So whether you are an educator in a K-12 public school, charter school, a homeschool parent, a co-op teacher or an after school program instructor, I would challenge you to know the value and importance of arts education and speak about it as such. Help change the dialogue about why arts education is essential for student success. I would also encourage you to try out our Bravo Dance Project educational resources and bring dance to your classroom.

And if you are ready to bring dance to your students, I have a pep talk just for you. I made it in a list format because we teachers LOVE our lists:

  • Teaching dance as arts enrichment does not have to be complicated. Keep it simple.
  • Your students don’t need another teacher to teach them dance as a creative practice. They just need you. Don’t be afraid to be a beginner and learn alongside them. Allow Bravo Dance Project to partner with you with our educational resources. Disclaimer: there is a lot to be said for dance professionals who specialize in teaching dance technique and they do an excellent job helping students refine and develop their skills. However, for introducing dance as enrichment where the focus in not technique-based, we can eliminate a barrier by recruiting the classroom teacher to introduce the topic of movement-based activities.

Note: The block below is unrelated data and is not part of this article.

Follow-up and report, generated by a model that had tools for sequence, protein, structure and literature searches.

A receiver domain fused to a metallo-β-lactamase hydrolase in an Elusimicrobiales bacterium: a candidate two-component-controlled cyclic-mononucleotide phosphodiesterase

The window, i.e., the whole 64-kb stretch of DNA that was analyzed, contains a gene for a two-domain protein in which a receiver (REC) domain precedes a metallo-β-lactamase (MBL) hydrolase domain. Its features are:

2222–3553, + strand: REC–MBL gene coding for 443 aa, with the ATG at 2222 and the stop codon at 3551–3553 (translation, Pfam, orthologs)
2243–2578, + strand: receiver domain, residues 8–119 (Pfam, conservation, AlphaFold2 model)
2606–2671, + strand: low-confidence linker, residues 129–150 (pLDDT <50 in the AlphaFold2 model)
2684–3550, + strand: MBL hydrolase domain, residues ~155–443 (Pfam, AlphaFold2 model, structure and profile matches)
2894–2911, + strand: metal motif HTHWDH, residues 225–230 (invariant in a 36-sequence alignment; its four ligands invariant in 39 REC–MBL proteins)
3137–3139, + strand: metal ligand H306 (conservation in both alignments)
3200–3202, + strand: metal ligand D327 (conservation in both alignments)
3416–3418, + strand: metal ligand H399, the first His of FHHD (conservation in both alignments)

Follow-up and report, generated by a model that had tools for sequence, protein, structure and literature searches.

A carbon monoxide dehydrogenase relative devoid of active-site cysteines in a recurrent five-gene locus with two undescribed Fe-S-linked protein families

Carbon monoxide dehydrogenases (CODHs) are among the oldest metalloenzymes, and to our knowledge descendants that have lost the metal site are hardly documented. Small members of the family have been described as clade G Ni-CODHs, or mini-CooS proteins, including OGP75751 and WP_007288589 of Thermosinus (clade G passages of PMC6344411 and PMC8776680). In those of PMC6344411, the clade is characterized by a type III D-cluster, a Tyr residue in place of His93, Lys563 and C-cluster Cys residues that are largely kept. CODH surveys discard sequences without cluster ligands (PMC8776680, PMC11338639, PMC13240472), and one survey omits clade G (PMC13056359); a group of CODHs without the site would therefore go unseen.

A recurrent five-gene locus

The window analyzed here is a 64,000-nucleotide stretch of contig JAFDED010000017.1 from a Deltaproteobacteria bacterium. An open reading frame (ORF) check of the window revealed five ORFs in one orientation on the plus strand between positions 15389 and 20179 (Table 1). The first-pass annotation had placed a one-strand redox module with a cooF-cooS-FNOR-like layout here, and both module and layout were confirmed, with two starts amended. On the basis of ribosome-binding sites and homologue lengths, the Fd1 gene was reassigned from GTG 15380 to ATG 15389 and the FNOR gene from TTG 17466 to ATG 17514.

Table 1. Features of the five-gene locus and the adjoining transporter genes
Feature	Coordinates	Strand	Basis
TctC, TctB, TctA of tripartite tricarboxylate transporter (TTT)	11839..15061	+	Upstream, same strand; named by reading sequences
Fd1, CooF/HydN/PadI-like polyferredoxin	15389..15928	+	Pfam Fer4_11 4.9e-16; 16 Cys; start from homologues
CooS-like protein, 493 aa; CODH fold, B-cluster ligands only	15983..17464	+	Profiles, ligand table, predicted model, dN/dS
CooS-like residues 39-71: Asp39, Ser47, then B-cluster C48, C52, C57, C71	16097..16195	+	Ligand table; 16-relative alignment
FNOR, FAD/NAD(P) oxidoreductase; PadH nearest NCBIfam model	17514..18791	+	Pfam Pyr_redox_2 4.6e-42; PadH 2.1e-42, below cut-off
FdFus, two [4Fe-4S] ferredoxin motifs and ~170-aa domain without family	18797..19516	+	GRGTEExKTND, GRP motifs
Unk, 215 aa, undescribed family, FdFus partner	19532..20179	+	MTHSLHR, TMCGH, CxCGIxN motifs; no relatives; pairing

• Your students don’t need a facility with mirrors and expensive marley floor to be able to have dance at their school. They just need a flat space with enough room for them to move around safely. Outdoor spaces work very well, and can have the added benefit of fresh air and vitamin D.
  • Your students don’t need to be the best at dance in order to be successful with it—their personal experience and practice of self expression is what is most important for their introductory experience with dance.
  • Your students don’t need to have a dance performance for dance to have an impact on their lives. They simply need to experience the arts firsthand. 
  • You can do this! You are completely capable of bringing dance to your classroom and Bravo Dance Project is here to support you as you do. Small steps lead to lasting change. Your step forward for arts education will make such a difference for your students. And this matters because;
  • Dance is for everyone. Period.

Additional Reading:

Dance Into More Engaged Learning, Jorge Valenzuela

Teresa Thayer Snyder: What Shall We Do About the Children After the Pandemic


Teaching Culture Through Dance to Kindergarten Students, Karen Ekeze

Kyung Hee Kim on ‘The Creativity Crisis’

Best Practices in Education

Posted by:bravodanceproject

I am a dance educator and award-winning choreographer based in Southern California, and the artistic director of Bravo Dance Project. We are an arts education nonprofit that brings movement-based curriculum and resources to all K-12 classrooms. Join us today!

One thought on “Introducing: Bravo Dance Project, pt.1